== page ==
Rwanda, Kenya extradition treaty to be signed tomorrow

KIGALI - Rwanda’s diplomatic relations with Kenya will grow a notch stronger when the Attorney Generals of both countries sign an extradition treaty on Wednesday, The New Times reports. Members from both offices are currently meeting in Kigali to iron out any upcoming queries before the respective Attorney Generals append their signatures on the treaty.

KIGALI - Rwanda’s diplomatic relations with Kenya will grow a notch stronger when the Attorney Generals of both countries sign an extradition treaty on Wednesday, The New Times reports.

Members from both offices are currently meeting in Kigali to iron out any upcoming queries before the respective Attorney Generals append their signatures on the treaty.

Rwanda’s Assistant Attorney General; Isabelle Karihangabo, said that the meeting is a result of discussions between the two countries that have been on-going for the last two years. 

“These discussions are a result of consultations between both countries following proposals we presented to their government to comment, modify and make recommendations before the signing,” she said.

The discussions will among others discuss a list of 85 crimes that will fall under this agreement.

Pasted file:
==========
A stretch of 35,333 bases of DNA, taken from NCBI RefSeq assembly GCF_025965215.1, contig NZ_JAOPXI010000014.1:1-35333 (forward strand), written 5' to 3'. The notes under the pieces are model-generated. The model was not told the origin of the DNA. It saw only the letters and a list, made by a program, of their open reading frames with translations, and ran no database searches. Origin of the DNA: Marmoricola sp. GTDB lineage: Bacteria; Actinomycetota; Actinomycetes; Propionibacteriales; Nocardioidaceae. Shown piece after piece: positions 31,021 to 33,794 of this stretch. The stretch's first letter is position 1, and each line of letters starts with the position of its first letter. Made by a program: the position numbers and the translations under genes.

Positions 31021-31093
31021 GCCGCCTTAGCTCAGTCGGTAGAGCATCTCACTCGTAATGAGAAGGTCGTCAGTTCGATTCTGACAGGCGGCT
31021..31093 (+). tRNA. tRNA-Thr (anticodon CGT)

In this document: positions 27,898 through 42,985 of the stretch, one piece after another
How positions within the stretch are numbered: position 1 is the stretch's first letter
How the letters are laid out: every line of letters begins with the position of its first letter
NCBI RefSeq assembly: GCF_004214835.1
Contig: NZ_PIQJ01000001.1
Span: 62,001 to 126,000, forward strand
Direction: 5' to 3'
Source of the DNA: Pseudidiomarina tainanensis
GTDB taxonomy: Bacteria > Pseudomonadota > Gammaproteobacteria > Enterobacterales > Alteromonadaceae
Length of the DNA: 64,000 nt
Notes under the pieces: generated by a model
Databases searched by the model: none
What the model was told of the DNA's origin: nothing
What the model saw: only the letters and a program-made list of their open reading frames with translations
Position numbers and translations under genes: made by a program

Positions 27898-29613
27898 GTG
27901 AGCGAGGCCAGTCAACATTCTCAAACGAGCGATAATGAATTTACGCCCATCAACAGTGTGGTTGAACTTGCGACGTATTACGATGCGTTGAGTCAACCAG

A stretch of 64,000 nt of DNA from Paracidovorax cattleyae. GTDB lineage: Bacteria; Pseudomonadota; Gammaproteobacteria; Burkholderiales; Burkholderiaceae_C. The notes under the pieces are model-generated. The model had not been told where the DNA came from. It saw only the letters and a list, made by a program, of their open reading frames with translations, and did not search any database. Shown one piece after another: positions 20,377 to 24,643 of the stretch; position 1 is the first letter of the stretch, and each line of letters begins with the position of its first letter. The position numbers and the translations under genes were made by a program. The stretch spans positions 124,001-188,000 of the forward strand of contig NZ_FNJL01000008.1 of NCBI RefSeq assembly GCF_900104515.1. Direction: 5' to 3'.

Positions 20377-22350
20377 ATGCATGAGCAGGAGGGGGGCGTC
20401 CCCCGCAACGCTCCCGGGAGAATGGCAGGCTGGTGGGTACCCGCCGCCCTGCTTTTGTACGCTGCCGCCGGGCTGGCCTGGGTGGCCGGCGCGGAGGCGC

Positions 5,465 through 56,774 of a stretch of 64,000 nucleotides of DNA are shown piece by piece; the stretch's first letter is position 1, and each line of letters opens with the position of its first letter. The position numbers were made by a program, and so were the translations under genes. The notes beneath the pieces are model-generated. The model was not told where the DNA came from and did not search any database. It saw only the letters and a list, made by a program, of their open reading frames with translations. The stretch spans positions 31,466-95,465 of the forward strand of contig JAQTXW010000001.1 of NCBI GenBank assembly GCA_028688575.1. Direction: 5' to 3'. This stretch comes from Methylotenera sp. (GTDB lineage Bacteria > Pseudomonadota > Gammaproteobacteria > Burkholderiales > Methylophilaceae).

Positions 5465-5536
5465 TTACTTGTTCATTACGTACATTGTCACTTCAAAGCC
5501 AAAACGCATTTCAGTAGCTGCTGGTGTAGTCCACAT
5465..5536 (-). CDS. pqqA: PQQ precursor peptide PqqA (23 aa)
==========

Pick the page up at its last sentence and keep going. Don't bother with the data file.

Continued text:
James Mungai Warui, who is the principal state counsel and head of the delegation, said that the meeting would share views from both sides and come up with something mutually agreeable before the historical signing.

Rwanda has been pursuing countries all over the world to sign the treaties owing mainly to the fact that the non-existence of such treaties with several countries has been a stumbling block in extraditing genocide fugitives spread across the world. 

By June this year, several African countries had reached an advanced stage of negotiations for extradition treaties with Rwanda. They include Zambia, Malawi, South Africa and Burundi among others.

Rwanda is also seeking to renew the treaty with the Democratic Republic of Congo (DRC) which is now home to thousands of genocide suspects.

The Spokesman for the prosecution; Augustin Nkusi, told The New Times last week that securing the extradition treaty with Kenya will be a major boost to efforts to track down suspects, especially those responsible for the 1994 Genocide.

Rwanda’s prosecution has previously made requests for extradition of suspects in different countries, some have even been put on Interpol Red Notice but the major impediment has been lack of extradition treaties with host countries.

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